Dr. Roberto González

Music Professor
Survey and Appreciation of Music, History of Jazz
Symphonic Conductor

Dr. González has been described as "a conductor possessing a solid technical background and a genuine sense of artistry." Working as a professional conductor since he was 15, on the island of Puerto Rico, he made his symphonic debut with the Puerto Rico Symphony Orchestra in 1983. Since that date, he has performed in Japan, the United States, and Puerto Rico as conductor, organist, and cabaret singer. In 1983, González finished his doctorate in instrumental conducting and organ performance at the School of Music of Ball State University in Muncie, Indiana, thus completing a distinguished record of higher studies in music that began at the Music Department of InterAmerican University of Puerto Rico at San Germán where he graduated summa cum laude in 1976. The IAU faculty named him "Most Outstanding Musician" in the same year, following his duties as Assistant Conductor of the IAU Orchestra and Concert Band from 1972 to 1976. He then entered the Master of Music program at Ball State University in conducting and organ at the Ball State University School of Music.

Dr. González continues to be active as a professional conductor, as the Principal Conductor of the San Francisco Concerto Orchestra and the Guerneville Mortuary Orchestra. He also conducts concerts on tour, with a particular following in Japan, for his propulsive and exciting version of Beethoven’s Ninth Symphony. He has conducted the Muncie Symphony Orchestra, The Sendai Philharmonic Orchestra of Japan, and the Puerto Rico Symphony Orchestra, the resident orchestra of the Casals Festival in San Juan, Puerto Rico. He was engaged as the guest conductor for the unique San Francisco production of the Dance-Along Nutcracker in 2007.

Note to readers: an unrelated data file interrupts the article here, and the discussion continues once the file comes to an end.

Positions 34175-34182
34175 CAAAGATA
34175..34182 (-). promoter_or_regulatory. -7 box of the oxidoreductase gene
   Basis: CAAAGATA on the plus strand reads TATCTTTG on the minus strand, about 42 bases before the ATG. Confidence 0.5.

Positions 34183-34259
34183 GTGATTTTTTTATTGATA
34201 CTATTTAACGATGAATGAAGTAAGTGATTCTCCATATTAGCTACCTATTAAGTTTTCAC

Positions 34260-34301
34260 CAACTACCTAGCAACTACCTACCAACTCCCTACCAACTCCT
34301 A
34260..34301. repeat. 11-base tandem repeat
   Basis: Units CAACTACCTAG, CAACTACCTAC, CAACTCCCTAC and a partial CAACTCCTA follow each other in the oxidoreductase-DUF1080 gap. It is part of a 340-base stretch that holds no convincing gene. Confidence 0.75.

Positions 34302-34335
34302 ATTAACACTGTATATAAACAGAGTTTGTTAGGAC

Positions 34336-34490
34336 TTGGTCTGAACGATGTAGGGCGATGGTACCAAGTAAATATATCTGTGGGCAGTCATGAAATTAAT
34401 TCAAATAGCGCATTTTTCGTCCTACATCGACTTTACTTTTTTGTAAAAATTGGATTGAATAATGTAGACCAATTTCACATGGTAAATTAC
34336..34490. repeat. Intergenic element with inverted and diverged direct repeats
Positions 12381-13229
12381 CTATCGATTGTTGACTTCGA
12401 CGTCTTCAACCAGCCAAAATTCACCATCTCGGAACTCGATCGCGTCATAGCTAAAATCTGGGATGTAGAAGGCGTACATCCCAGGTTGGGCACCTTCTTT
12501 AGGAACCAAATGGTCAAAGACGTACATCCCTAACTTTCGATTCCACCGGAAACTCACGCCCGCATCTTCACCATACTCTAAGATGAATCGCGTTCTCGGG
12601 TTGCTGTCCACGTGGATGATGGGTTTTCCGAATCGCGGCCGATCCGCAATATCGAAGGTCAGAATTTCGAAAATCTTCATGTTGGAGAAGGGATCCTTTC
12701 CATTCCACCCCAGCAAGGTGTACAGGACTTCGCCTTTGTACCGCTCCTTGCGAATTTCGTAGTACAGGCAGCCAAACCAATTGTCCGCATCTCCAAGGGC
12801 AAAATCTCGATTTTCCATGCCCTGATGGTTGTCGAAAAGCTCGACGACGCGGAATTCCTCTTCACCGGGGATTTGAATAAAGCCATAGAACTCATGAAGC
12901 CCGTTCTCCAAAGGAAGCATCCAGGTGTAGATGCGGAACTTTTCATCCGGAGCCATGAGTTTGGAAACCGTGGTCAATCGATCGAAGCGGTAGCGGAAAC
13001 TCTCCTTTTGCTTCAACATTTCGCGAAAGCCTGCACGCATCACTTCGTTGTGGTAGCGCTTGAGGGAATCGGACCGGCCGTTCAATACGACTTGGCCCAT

Roberto’s last conducting teacher was David Raksin, last of Hollywood’s Golden Age film composers, for a period of over 10 years. His previous conducting teachers include students of George Szell, Eugene Ormandy, Pierre Monteux, Leopold Stokowski, and Hans Swarowsky.

Dr. González is listed in the first edition of Who’s Who Among Hispanic Americans and the 23rd edition of Who’s Who in the West. In 1992, he received the McPherson Distinguished Teaching Award¸ given by the Napa Valley College Foundation.

In addition to his instrumental accomplishments, Roberto always had an interest in vocal music. In fact, he began singing when he was 5. At Indiana's Ball State University where he finished his doctorate in orchestra conducting (1983); he also trained as an operatic lyric tenor. In 2006, he met Richard Nichol, director and vocal coach of the San Francisco Academy for Performing Arts, and began singing again. It was during one of the Academy's evenings, that he met Michael Parsons, a brilliant stride pianist and composer in the tradition of Oscar Peterson, Bud Powell, and Thelonious Monk. Their first concert at Napa College was a sold-out success and hailed by Pierce Carson in his Napa Valley Register review. The relationship continues to bear fruit with an ongoing exploration of songs essayed by such greats as Nat "King" Cole, Billie Holiday, Frank Sinatra, and Shirley Horn, among others, in cabaret concerts with the Parsons Trio in Napa Valley and the wider San Francisco Bay area.


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